At the Andrews pad, the man of the hour Jughead is pulling a pizza from the oven for him and Arch, while telling him all about the John Landis double-feature at the Bijou — American Werewolf in London and Animal House. Archie tells him it sounds awesome — except Betty’s taking him. Jug feigns shock and betrayal at Archie blabbing about his birthday, and Arch questions why he does hate his birthday so much. Thinking back, Jughead figures it’s PTSD from when he was a kid, where everything was always screwed-up at home but for one lonely day everyone pretended everything was normal. Meanwhile, at The Pembrooke, Hermione comes home to her daughter poring over her father’s files, which were in storage. Veronica (sultry reading glasses and all!) explains what Archie overheard about Mr. Blossom, and how this spreadsheet she came across makes things seem very curious — sizeable monthly payments from Blossom Maple Farms to Lodge Industries, spanning 75 years… all the way up until Hiram’s arrest, when they abruptly ceased. (For those of you keeping score at home, that’s how old the comics are!) Veronica comes to the hypothesis that Cliff Blossom implicated her father to get out of his monthly payments, and suggests they go to daddy’s lawyers with the theory. Hermione agrees that it’s not above the Blossoms to stoop that low, but puts the kibosh on the lawyer idea — if the Blossoms are proven to be at fault, that makes Hiram a prime suspect for Jason Blossom’s murder as retaliation. Not entirely un-suspiciously, Hermione urges her daughter to let it go and quit asking questions no one else is asking — especially not about the Blossoms.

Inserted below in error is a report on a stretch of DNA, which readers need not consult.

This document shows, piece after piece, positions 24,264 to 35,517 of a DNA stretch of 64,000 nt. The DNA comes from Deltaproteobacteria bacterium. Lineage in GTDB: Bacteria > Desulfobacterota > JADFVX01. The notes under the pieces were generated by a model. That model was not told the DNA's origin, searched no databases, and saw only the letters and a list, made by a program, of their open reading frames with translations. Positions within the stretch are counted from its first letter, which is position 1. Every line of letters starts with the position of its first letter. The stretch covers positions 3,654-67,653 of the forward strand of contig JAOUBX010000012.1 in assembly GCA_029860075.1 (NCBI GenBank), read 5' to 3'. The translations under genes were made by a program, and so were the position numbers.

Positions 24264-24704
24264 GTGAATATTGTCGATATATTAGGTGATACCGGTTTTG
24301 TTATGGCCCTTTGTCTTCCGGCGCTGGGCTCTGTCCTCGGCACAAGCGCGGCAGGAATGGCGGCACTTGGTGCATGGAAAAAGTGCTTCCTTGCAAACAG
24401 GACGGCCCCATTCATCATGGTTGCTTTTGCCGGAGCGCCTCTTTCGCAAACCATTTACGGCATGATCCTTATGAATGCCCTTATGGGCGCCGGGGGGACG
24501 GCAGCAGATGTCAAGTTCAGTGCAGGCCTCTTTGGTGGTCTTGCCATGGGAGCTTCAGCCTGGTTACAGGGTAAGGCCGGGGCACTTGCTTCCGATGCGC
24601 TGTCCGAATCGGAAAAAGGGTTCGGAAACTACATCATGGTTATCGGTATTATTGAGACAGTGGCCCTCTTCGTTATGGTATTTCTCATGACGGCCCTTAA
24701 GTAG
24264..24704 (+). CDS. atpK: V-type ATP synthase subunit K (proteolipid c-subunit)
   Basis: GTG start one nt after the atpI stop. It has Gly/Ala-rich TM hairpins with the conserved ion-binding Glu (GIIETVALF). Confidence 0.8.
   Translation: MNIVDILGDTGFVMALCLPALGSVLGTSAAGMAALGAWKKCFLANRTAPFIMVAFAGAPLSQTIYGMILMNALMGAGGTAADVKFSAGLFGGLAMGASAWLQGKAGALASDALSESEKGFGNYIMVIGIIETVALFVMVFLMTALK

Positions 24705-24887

Speaking of, we cut to cheer practice where Cheryl Blossom is directing her gaggle of cheerleaders. She cuts the formation short when Veronica walks in, and cattily scolds her for being late. After she places Veronica in the back where she’ll have the least visibility, Veronica snaps on her for using her Blossom status to put herself front and centre — both in cheerleading and life. It’s clear there’s some ulterior animosity here, folks. Challenging her authority, Veronica suggests they use democratic vote to decide who’s the cherry on top, and, as I understand is typically the case between high school girls, the two get ready to square off in a dance-off. When the two finish showing off their steamiest moves (which inexplicably became synchronised partway through because cheerleaders), our girl Ronnie is voted winner unanimously. (Maybe this just isn’t my area of expertise, but I could not tell the difference between the two performances. What’s the judging criteria used here?) As Veronica leads the team back to practice, Cheryl intercepts her two lackeys Ginger Lopez and Tina Patel and admonishes them for holding their votes. Furious, she ‘fires’ them, both from the squad and as her personal handmaidens. Tch, darn. Later, Archie is hanging up birthday directions at his home when he gets a call from Fred, checking in. Mr. Andrews apologises for shutting the conversation down so quickly earlier, and admits that he hasn’t even spoken to Mary yet; they were going to go for dinner, but decided it would be better to meet in the morning as initially planned, when lawyers are present. This frustrates Archie, and he cuts the call short. Clearly not his week, he strides over to his dad’s ‘secret’ alcohol cabinet and pulls a bottle out, considering it.